سودمندی مدل های نادرست : به سوی درک ظهور مدیریت ریسک مالی
|کد مقاله||سال انتشار||مقاله انگلیسی||ترجمه فارسی||تعداد کلمات|
|726||2009||16 صفحه PDF||سفارش دهید||محاسبه نشده|
Publisher : Elsevier - Science Direct (الزویر - ساینس دایرکت)
Journal : Accounting, Organizations and Society, Volume 34, Issue 5, July 2009, Pages 638–653
Is the growth of modern financial risk management a result of the accuracy and reliability of risk models? This paper argues that the remarkable success of today’s financial risk management methods should be attributed primarily to their communicative and organizational usefulness and less to the accuracy of the results they produced. This paper traces the intertwined historical paths of financial risk management and financial derivatives markets. Spanning from the late 1960s to the early 1990s, the paper analyses the social, political and organizational factors that underpinned the exponential success of one of today’s leading risk management methodologies, the applications based on the Black–Scholes–Merton options pricing model. Using primary documents and interviews, the paper shows how financial risk management became part of central market practices and gained reputation among the different organisational market participants (trading firms, the options clearinghouse and the securities regulator). Ultimately, the events in the aftermath of the market crash of October 1987 showed that the practical usefulness of financial risk management methods overshadowed the fact that when financial risk management was critically needed the risk model was inaccurate.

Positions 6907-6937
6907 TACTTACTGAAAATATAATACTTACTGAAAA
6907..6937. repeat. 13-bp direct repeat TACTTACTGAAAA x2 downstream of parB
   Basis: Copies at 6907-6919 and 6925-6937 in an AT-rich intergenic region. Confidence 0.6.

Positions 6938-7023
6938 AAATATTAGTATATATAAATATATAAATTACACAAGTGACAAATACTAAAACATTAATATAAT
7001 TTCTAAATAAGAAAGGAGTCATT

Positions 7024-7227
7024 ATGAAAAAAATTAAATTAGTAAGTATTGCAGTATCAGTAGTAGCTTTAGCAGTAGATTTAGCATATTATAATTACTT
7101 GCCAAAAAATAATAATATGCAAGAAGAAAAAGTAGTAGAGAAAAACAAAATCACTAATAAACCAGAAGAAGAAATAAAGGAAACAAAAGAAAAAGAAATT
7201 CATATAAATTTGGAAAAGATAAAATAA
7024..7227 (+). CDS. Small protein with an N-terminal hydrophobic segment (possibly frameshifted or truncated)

Financial risk management is one of the fastest growing service industries in the business world. According to the Global Association of Risk Professionals (GARP), one of the leading trade associations in the field, there are currently more than 74,000 financial risk managers in financial institutions.1 Dozens of academic and professional institutions award degrees and diplomas in financial risk management and these qualifications are gaining recognition by regulators and international certification bodies. At the heart of this body of knowledge and practices (virtually non-existent less than thirty years ago) is a set of financial economic theories, employing a variety of statistical models to assess and calculate the risks associated with a plethora of financial assets and contracts. Many of these financial risk management systems are proprietary and no reliable statistics are published about their use, but it is estimated that the daily transaction volume of financial products traded in organized exchanges that are managed using such methods exceeds 50 million transactions,2 with many more transactions executed in over-the-counter markets. Is this remarkable success an evidence of the predictive powers of modern financial economics? Judging from a brief review of several leading textbook in financial economics (Hull, 2005, McDonald, 2006 and Stulz, 2002), the answer to this question is a resounding ‘yes’: the accuracy and validity of risk models and the applications that use them are said to be tested and re-validated literally millions of times a day in the markets. In this paper we aim to show that such a representation is partial at best and that the explosive growth of financial risk management cannot be explained by the accuracy of the models and methods used. This paper traces the growth of financial risk management applications that made use of the options pricing model developed by Black and Scholes, 1972, Black and Scholes, 1973 and Merton, 1973, known as the Black–Scholes–Merton model. Arguably, this model is the crowning achievement of modern financial economics and was included in many of the pioneering financial risk management systems.3 The history of the Black–Scholes–Merton model is tightly connected to the first organized exchange for the trading of stock options, the American Chicago Board Options Exchange (CBOE). This historical case was studied previously (MacKenzie and Millo, 2003 and MacKenzie, 2006). However, while previous studies focused on the effect that the Black–Scholes–Merton model had on prices in options markets, this paper examines the development of financial risk management. The initial link between practice and model-based prediction is historical-temporal: CBOE began trading options less than two weeks before the mathematical model aiming to predict their prices, the Black–Scholes–Merton model, was published. These two coincident events mark the beginning of an exponential growth curve that traces both the markets for financial derivatives and financial risk management. This growth curve, we argue, was not fuelled simply by actors persuaded by the accuracy of the model. Instead, the usefulness of the model-based risk management, which enabled an efficient tackling of a variety of operational, organisational and political challenges, was a crucial factor behind the success of modern financial risk management. Model usefulness has three important organisational manifestations. First, model-based methods allowed clearer communication within trading organisations. It reduced the complexity of financial data and enabled more efficient decision-making (Sections ‘Risk assessment practices in early CBOE’ and ‘The rise of comprehensive risk management systems’). Second, applications based on the model solved the operational challenge of the clearinghouse when calculating the level of risk-based deposits required of traders (Sections ‘Financial risk management off the trading floor: options clearing’ and ‘Financial risk management as useful operational tools’). Third, the growing consensus among market participants around the usefulness of the model became useful in its own right when used by the SEC to legitimise its regulatory decisions (Section ‘Financial risk management and the 1987 market crash’). The accumulating effect of these different manifestations of usefulness contributed to a situation whereby the accuracy of the predictions it produced, even during critical times, was much less salient than one might expect. This approach, it has to be noted, does not aim to provide a definitive analysis of the emergence of financial risk management. Instead, it focuses on the interplay between technological, social and organisational factors and how it brought about the formation of rich interconnectedness among market participants.